The U.S. Preventive Services Task Force (USPSTF) has issued a new recommendation that all adults ages 18 to 79 should be screened for hepatitis C virus (HCV) at least once, regardless of risk factors. Those under 18 or over 79 should also be screened if they are at risk because, for example, they share syringes for injecting drugs.

The task force previously recommended one-time universal HCV screening only for baby boomers born between 1945 and 1965—the group that historically has had the highest hepatitis C prevalence in the United States. But in the context of the ongoing opioid epidemic, hep C rates have been rising among younger people as well.

“Today, more people are infected with hepatitis C than there were a decade ago, but there are now better treatments available,” USPSTF chair Douglas Owens, MD, of the Veterans Affairs Palo Alto Health Care System, said in a statement. “The evidence now shows more people can benefit from screening; therefore, we are recommending to screen all adults ages 18 to 79 for hepatitis C.”

This recommendation was given a B grade, meaning there is evidence that the benefits of screening and follow-up care outweigh the harms. This is important because the Affordable Care Act (ACA), also known as Obamacare, requires private insurers to cover preventive services recommended by the USPSTF with an A or B grade.

An estimated 4.1 million people in the United States have evidence of current or past HCV infection, including 2.4 with current active infection, according to the Centers for Disease Control and Prevention (CDC). Hepatitis C causes more deaths than any other infectious disease, including HIV. New cases of HCV have increased approximately 3.5-fold over the past decade, with young white people who inject drugs, especially those living in rural areas, most heavily affected, the task force noted as background.

Around 25% of people who acquire HCV will clear the virus spontaneously without treatment, while the rest will develop a chronic, or ongoing, infection. Over years or decades, chronic hepatitis C can lead to liver cirrhosis (scarring), end-stage liver failure necessitating a transplant and liver-related death. Hepatitis C is now easily treatable with well-tolerated direct-acting antivirals (DAAs) taken for two to three months. People who were ever infected continue to test positive for HCV antibodies even after they clear the virus naturally or with treatment, but these antibodies do not prevent them from acquiring the virus again.

“It is concerning that we are seeing a significant increase in hepatitis C, and many people don’t know they have it,” said USPSTF vice chair Alex Krist, MD, MPH. “The good news is that we have newer treatments that are more effective and safer, and screening adults for hepatitis C can detect the infection earlier, before they have complications from the virus.”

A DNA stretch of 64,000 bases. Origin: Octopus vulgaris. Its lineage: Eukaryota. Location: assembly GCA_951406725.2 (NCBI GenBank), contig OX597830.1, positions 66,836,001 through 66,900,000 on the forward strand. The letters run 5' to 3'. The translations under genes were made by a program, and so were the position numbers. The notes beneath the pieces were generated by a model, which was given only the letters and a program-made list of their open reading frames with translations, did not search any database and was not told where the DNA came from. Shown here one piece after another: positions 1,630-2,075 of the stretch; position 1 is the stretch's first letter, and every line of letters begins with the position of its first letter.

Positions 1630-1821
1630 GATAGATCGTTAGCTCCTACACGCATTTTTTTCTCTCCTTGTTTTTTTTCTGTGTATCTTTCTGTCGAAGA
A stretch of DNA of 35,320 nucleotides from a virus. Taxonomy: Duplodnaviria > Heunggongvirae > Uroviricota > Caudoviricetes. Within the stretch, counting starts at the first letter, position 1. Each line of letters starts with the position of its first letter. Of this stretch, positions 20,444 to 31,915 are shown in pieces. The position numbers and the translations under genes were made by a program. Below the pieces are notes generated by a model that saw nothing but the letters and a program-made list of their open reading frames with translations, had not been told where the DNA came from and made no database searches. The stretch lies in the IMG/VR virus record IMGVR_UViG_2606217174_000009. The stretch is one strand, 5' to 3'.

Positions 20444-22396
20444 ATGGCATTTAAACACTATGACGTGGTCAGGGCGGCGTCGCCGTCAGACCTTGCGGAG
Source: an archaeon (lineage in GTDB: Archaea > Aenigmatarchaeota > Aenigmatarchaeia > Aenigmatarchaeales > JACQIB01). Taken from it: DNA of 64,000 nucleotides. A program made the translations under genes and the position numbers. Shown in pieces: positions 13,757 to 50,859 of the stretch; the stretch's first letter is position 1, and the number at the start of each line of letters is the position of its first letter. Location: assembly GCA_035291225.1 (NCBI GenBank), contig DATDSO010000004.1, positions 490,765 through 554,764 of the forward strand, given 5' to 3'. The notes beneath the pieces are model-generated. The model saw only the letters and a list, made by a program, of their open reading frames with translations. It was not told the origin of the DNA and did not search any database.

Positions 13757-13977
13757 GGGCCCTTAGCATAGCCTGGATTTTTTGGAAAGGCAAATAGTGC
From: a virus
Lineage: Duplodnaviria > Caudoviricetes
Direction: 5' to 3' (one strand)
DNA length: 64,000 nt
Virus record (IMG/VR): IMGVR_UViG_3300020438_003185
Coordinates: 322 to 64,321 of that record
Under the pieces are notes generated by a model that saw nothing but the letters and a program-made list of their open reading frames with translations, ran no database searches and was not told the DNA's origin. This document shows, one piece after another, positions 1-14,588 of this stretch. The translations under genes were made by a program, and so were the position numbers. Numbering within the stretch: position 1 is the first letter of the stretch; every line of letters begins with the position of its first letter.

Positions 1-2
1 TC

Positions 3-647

The USPSTF is an independent panel of volunteer experts in prevention and evidence-based medicine. The panel based its recommendation on a review of scientific evidence about the benefits and harms of HCV screening and treatment.

Since the previous evidence review for the 2013 recommendation, hepatitis C treatment has evolved, resulting in greater benefits and fewer harms, according to a task force summary. Today’s DAA regimens have shorter courses and higher cure rates—96% to 99% in clinical trials—with fewer serious side effects than the older interferon-based therapy. Studies show that successful treatment results in improved quality of life and reductions in liver-related and all-cause mortality. One analysis suggested that screening everyone age 18 and older would identify 256,000 additional cases of HCV and lead to 280,000 additional cures and 4,400 fewer cases of liver cancer over a lifetime.

The panel recommends routine screening with a blood test for HCV antibodies, followed by an HCV RNA test for those who test positive to determine whether they have current active infection. Most adults need to be screened only once, but those at ongoing risk should be tested periodically. There is not enough evidence to suggest an optimal screening interval.

The task force emphasizes that the screening recommendation applies to pregnant women. HCV can be transmitted from mother to child during pregnancy or delivery, and a growing proportion of infants are born to women with hepatitis C.

“Screening should be voluntary and undertaken only with the patient’s knowledge and understanding that HCV screening is planned,” the panel stresses.

“Testing is the first essential step to ending the hepatitis epidemic,” Frank Hood, senior policy associate at the AIDS Institute said in a statement. “Recent data from CDC shows that rates of new cases of hepatitis C are skyrocketing across the country mainly due to increased injection drug use associated with the opioid epidemic. A cure is available, and expanded access to testing services will help link more people to that treatment.”

The draft recommendation is open for public comment until September 23. Comments can be submitted at

Click here to read the full USPSTF draft statement on HCV screening.

Click here to learn more about hepatitis C and its treatment.